Just have a minute? Here are the top stories you need to know about immigration. This summary was featured in Documented’s Early Arrival newsletter. You can subscribe to receive it in your inbox three times per week here.
Restaurant owner drove car into men at Brooklyn migrant shelter, prosecutors say
The two victims were back at the shelter recovering Monday morning. Neither had any connection to the restaurant owner before the attack, according to migrants at the shelter. — The Gothamist
White House will help some NYC migrants get work permits, but offers no sweeping action
The city has received $140 million in federal aid to date and sought more from Congress, but prospects for additional funds in a Republican-controlled House are slim. — The Gothamist
Seeking new playbook, Democrats sour on Mayor Adams’ migrant approach
Amid Mayor Eric Adams’ criticism of the Biden admin.’s response to the migrant crisis, other politicians are exploring innovative approaches, such as creating a local work permit program for asylum-seekers. — The Gothamist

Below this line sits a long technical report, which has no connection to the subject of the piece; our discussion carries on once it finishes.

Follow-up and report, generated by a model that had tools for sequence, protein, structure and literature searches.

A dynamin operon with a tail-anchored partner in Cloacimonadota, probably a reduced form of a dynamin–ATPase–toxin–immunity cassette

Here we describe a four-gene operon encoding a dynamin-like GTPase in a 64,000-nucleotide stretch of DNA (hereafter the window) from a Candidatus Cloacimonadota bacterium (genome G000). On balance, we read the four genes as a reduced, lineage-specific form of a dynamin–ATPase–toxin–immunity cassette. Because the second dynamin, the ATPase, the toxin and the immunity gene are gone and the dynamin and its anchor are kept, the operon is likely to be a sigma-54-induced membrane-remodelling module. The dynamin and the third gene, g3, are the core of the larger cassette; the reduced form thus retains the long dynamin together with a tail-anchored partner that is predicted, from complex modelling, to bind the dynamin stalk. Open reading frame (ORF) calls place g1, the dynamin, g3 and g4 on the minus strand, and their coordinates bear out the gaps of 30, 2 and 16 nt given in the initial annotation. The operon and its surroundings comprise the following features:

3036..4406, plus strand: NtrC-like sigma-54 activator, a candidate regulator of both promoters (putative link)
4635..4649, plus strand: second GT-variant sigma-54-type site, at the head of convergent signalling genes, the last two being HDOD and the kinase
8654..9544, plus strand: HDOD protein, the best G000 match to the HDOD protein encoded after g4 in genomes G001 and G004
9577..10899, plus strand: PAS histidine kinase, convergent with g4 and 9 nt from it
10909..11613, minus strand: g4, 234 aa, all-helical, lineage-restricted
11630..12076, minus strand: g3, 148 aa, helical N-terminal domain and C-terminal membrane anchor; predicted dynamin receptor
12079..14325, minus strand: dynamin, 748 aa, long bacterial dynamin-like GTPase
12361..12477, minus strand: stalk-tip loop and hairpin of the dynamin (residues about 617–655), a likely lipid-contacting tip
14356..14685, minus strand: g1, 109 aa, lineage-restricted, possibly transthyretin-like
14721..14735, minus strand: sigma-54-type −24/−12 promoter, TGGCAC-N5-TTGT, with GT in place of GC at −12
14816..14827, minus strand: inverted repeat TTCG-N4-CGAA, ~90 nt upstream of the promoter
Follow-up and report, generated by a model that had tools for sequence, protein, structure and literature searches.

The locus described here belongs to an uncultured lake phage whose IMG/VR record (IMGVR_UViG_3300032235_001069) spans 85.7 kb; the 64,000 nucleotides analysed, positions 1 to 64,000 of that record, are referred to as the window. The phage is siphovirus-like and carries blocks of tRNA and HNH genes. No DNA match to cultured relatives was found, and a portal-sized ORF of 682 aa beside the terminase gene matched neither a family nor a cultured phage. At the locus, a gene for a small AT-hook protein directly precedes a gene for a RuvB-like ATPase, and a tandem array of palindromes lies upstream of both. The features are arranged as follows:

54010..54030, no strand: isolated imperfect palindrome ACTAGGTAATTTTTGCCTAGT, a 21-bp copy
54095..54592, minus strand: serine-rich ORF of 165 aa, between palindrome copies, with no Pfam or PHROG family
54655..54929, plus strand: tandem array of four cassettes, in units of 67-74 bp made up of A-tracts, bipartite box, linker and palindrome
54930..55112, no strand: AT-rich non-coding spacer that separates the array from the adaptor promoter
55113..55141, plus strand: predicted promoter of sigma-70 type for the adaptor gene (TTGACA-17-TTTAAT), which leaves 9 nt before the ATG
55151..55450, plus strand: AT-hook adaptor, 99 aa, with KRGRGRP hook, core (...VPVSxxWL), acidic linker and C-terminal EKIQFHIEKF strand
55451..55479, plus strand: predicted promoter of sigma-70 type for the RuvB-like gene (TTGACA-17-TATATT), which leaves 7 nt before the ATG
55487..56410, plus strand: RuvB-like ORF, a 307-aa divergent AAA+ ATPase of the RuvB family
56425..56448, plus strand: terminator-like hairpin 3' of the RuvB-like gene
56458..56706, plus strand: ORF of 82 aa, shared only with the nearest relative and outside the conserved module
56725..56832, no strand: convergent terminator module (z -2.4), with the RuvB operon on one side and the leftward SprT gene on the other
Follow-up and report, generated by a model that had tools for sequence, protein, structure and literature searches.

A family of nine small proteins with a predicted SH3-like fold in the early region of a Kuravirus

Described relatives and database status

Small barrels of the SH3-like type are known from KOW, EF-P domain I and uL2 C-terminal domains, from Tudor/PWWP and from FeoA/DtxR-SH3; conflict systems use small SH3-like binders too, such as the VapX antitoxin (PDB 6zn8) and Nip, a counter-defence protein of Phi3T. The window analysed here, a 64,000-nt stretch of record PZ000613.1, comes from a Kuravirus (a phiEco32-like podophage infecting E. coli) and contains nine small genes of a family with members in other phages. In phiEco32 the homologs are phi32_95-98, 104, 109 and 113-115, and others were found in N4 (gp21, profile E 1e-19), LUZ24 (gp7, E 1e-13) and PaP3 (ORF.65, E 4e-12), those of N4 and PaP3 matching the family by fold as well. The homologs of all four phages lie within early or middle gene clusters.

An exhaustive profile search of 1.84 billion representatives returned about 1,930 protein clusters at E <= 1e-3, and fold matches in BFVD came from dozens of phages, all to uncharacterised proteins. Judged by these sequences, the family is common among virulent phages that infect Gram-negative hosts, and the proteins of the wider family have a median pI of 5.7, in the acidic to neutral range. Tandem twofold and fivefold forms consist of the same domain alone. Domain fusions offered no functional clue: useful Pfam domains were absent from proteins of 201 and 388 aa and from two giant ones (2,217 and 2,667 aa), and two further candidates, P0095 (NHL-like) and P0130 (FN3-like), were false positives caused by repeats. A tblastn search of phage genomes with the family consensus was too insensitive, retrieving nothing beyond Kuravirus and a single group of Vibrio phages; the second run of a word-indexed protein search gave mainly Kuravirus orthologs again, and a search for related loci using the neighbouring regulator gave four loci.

DHS has lost track of 177,000 migrants inside the U.S.
The Department of Homeland Security found a significant challenge in tracking migrants released in the U.S., with 177,000 address records for new arrivals being incomplete or containing non-residential locations during a 17-month period. — NBC News
Around the U.S.
Concern rises in the Biden administration that New York is fumbling care for migrants, U.S. officials say
One senior Department of Homeland Security official familiar with its assessment team’s findings said the city has “no exit strategy” to see that migrants find their way out of its shelter system. — NBC News
Among Asian Americans, U.S.-born children of immigrants are most likely to have hidden part of their heritage
One fifth of the Asian American adults say they have hidden a part of their heritage from non-Asians at some point in their lives. Fear of ridicule and a desire to fit in are common reasons. — Pew Research Center
Why escaped murderer Danelo Cavalcante wasn’t deported after his conviction
Attorneys say that it is in the justice system’s interest to keep some of the most serious offenders in the U.S. as their home country isn’t obliged to prosecute them for crimes committed abroad. — The Philadelphia Inquirer